UNCLE FLUFFY’S SECRETS TO WIN THE J/22 WORLDS
Interview Reveals Details on Boat Settings, Tactics and Crew Work
Congratulations Zeke, Emmy, JoAnn and Jackson on your, hard fought, victory at the 2018 J/22 Worlds in Annapolis. Can you tell us a bit about the team and how it all came together and worked so well?
Zeke – Our team first sailed together at the 2016 J/22 Worlds in Kingston which was our first event as a team and my first time ever skippering a J/22. I had sailed a lot with each other person on the boat separately but never together. It was clear from day one of that regatta that we had something special. With the Worlds coming to my home waters here in Annapolis, it was obvious who I wanted to have on board with me. Jackson has made a name for himself across our sport as a Real-Deal-Tactician-and-Trimmer and I feel lucky to have such a good friend be so talented and willing to sail with me! Jo Ann already had a World Championship under her belt and she brings all of the technical perfection to her bow work as well as tuning (she tunes the rig!). She’s a spark of positivity and fun and I can’t imagine having anyone else on the bow. Emmy Stuart is an All American Crew from the College of Charleston who has really come into her own on the keel boat scene. Her knowledge of wind shifts and current really gave us an edge in the tricky conditions we had. On top of that, she kept us all organized with the off the water logistics that took a ton of pressure off of the rest of us. The only thing more special than winning a world championship is doing it with friends you love!
Jackson – My role on the boat was to handle the jib trim, spinnaker trim, and tactics pre-start, upwind, and if we were going to have a straight set at the windward mark or look for an opportunity to gybe quickly. I would try to discuss my thought process as best as I could so that everyone was on the same page. Emmy would take over the tactics downwind as I was trimming the kite, and she also did a great job painting the picture of what was going on behind us on the downwind legs, which would keep me keyed into the race for when we turned back upwind. Sometimes I would take a quick snapshot of what was happening behind me while trimming the kite (maybe once or twice a leg if the opportunity presented itself, although I’m sure Zeke isn’t thrilled to hear that!). Due to Emmy’s tactics downwind, I don’t think we ever had a negative delta on any downwind leg the entire regatta. In fact, I’m pretty sure we actually passed boats about 75% of the time on the downwind legs.
Jo Ann – I had 2 main roles on the boat:
1. Tuning the rig. Zeke, Jackson, and Emmy gave me full control over setting up the rig which freaked me out. I would ask for their opinion on it and they would always respond “just do what you think is right!”
2. The bow. Just making sure all sets and douses were flawless as well as ensuring weight placement was correct. Then assisting Emmy with an information regarding boats, speed, wind etc that Zeke and Jackson needed.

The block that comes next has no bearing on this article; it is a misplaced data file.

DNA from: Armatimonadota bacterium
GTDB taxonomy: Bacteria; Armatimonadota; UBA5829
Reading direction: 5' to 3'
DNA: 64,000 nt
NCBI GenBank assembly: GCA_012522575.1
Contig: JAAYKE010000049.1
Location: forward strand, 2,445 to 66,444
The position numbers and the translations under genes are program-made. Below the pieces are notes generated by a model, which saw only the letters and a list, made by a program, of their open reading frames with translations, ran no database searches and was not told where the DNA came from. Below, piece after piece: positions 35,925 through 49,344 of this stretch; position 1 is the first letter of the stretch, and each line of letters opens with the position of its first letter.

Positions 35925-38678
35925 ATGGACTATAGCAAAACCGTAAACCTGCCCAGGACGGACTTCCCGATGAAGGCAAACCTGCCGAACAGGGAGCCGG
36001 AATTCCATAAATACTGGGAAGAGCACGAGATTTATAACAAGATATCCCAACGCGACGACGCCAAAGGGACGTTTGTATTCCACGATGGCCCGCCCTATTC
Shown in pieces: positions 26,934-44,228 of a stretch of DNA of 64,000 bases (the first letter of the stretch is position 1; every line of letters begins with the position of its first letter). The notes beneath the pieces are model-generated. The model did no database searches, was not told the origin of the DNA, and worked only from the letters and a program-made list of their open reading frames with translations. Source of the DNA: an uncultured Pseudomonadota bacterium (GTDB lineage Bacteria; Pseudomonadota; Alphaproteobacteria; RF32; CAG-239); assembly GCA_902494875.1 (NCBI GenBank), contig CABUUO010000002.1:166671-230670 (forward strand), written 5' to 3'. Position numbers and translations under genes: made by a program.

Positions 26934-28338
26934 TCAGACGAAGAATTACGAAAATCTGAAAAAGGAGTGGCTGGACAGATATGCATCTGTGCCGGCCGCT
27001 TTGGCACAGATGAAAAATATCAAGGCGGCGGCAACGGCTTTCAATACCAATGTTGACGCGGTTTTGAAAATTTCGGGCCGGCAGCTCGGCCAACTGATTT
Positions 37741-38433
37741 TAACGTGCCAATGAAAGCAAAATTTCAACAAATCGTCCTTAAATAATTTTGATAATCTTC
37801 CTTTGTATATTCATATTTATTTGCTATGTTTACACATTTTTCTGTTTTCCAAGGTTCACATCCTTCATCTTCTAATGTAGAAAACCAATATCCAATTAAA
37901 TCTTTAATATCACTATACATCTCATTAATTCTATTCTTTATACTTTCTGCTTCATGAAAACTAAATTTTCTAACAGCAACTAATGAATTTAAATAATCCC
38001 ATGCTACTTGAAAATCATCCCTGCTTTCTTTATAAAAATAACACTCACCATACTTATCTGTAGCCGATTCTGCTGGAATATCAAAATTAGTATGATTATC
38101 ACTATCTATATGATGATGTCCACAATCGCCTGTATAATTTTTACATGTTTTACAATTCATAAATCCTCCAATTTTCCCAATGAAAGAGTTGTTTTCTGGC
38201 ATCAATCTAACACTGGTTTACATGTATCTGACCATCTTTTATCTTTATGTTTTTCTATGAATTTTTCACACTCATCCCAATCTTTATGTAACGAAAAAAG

Emmy – My role on the boat was pit. I was responsible for time on the line, trimming jib during pre-start, calling pressure, waves, current, lanes, keeping eyes on the marks, prepping kite for set/dousing the kite, cleaning up lines as needed, and moving my weight around quite a bit. With four people on the boat, I was sharing quite a few jobs with Jo Ann which forced me to constantly think about what I could be doing to add value in the moment.
The week started off with an announcement that they were shortening the event by a day due to the possible effects from Hurricane Florence. How did that affect your strategy for the week knowing that the first few days they would be looking to get as many races “front loaded” as possible?
Zeke –When we heard they were going to front-load as much racing as they could, it didn’t really alter our approach all that much. We just knew the first couple days might be long so we brought some extra rations so we could stay healthy out there. But our hard focus for the first couple of says was still the same – DON’T LOSE THE REGATTA. You can’t win the regatta in the first day or two, but you can certainly lose it. We just tried to avoid big mistakes and give ourselves a shot at the end of the regatta.
Jackson – I personally didn’t look into that too much. We knew we had to have good races from the very beginning, but that’s always the case if you’re looking to win an event. I suppose the only thing that the schedule change affected was that we knew we had to prepare for slightly longer days. I think it was fairly close to dusk as we hit the dock after the first day of racing.
Jo Ann – I think everyone on the boat is super focused and the longer days didn’t phase anyone. We made sure we all ate and drank after every race.
Emmy – I was initially bummed to hear that Friday was cancelled. However, it was really positive being with a team that was excited to get in as many quality races as we could while we had good weather. From my perspective, we were all psyched to be racing this event together that it was more so mentally preparing for some of the challenges ahead (sailing in some of the tricky shifty conditions, lighter conditions and even the fog) and staying positive.
In looking at the results the fleet was packed with talent with many past World and NA champions. Obviously teamwork was critical but you had to be confident in your boat speed in a large fleet like that. What were the keys to being “World Champion Fast”, what were the condition for the week and how did you “change gears” as the conditions changed?
Zeke – As always, speed is king. Jackson and I worked hard to get the mast tuned as straight as possible before the regatta and from there I knew Jo Ann could take care of all the tuning. As the helmsman, it was my responsibility to keep us moving fast. I focused a lot on the balance of the helm and tried really hard to keep the keel engaged – I think that is the real trick in the J/22.